THAAD, a missile defense system designed to defend against short- and medium-range ballistic missiles, was deployed to South Korea by the US military in 2016 to defend against threats from North Korea.
The US can more credibly deter China with improved air- and sea-launched conventional cruise missile capabilities, Rose says. Air- and sea-launched missiles were never banned by the INF treaty, and Russia has made broad use of both capabilities in Syria. Moscow’s new land-launched missile systems probably are partly due to interservice rivalry, and Russia’s army wanting to keep pace with the air force and navy, he says.
Withdrawing from the treaty will make a Democrat-controlled House of Representatives less willing to support modernizing the US nuclear arsenal, argues Rose, who says Democratic support for the strategic deterrent has historically been in exchange for Republican commitments to arms control.
His greatest worry, though, is that the US withdrawal will compromise other critical arms treaties like New START.
Signed in 2010, the New START treaty provides the US and its allies with military planning information, notifications and information about Russian strategic forces they would not receive otherwise. Set to expire in 2021, a renewal could be less likely if the US withdraws from INF.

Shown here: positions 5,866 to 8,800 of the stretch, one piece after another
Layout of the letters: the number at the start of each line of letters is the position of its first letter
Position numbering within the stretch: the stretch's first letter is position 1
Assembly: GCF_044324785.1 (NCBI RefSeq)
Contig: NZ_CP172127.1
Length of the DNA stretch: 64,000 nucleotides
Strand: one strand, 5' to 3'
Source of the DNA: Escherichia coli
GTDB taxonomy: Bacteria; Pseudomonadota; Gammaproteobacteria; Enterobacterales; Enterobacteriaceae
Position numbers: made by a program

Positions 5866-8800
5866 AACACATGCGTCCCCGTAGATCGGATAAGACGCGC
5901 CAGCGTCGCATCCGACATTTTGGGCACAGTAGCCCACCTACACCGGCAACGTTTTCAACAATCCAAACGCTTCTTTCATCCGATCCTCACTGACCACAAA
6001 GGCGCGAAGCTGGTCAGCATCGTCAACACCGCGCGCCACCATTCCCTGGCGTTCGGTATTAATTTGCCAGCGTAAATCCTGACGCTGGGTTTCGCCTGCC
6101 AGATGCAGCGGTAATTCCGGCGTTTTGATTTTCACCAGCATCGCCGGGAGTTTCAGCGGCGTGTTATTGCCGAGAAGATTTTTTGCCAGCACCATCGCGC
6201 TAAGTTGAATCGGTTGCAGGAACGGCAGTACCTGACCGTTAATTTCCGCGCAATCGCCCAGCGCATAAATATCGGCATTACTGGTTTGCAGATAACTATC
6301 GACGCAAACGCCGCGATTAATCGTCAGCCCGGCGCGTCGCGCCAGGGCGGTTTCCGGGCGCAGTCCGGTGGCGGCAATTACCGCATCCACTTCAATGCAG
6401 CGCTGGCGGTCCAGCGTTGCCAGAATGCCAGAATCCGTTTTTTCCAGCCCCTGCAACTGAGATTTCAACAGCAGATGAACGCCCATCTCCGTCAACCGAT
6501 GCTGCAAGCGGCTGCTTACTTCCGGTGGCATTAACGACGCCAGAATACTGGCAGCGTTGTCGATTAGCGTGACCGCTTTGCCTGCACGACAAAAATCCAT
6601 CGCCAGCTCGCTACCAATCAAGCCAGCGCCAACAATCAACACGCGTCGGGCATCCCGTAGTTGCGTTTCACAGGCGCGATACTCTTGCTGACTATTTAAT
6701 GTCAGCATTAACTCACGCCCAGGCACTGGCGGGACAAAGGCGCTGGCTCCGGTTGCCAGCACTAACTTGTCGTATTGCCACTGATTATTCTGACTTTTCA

But for now, momentum is moving farther from arms control diplomacy and closer to a renewed arms race.
“We are witnessing the breakup of the arms control system,” Putin said at his annual end-of-year press conference on Dec. 20.
"Had the administration taken the time initially and worked with allies, I think they could have put together a very united and coherent alliance response to the Russian violation," said Rose.
"I'm not saying they can't do that now, but it's going to be much more difficult."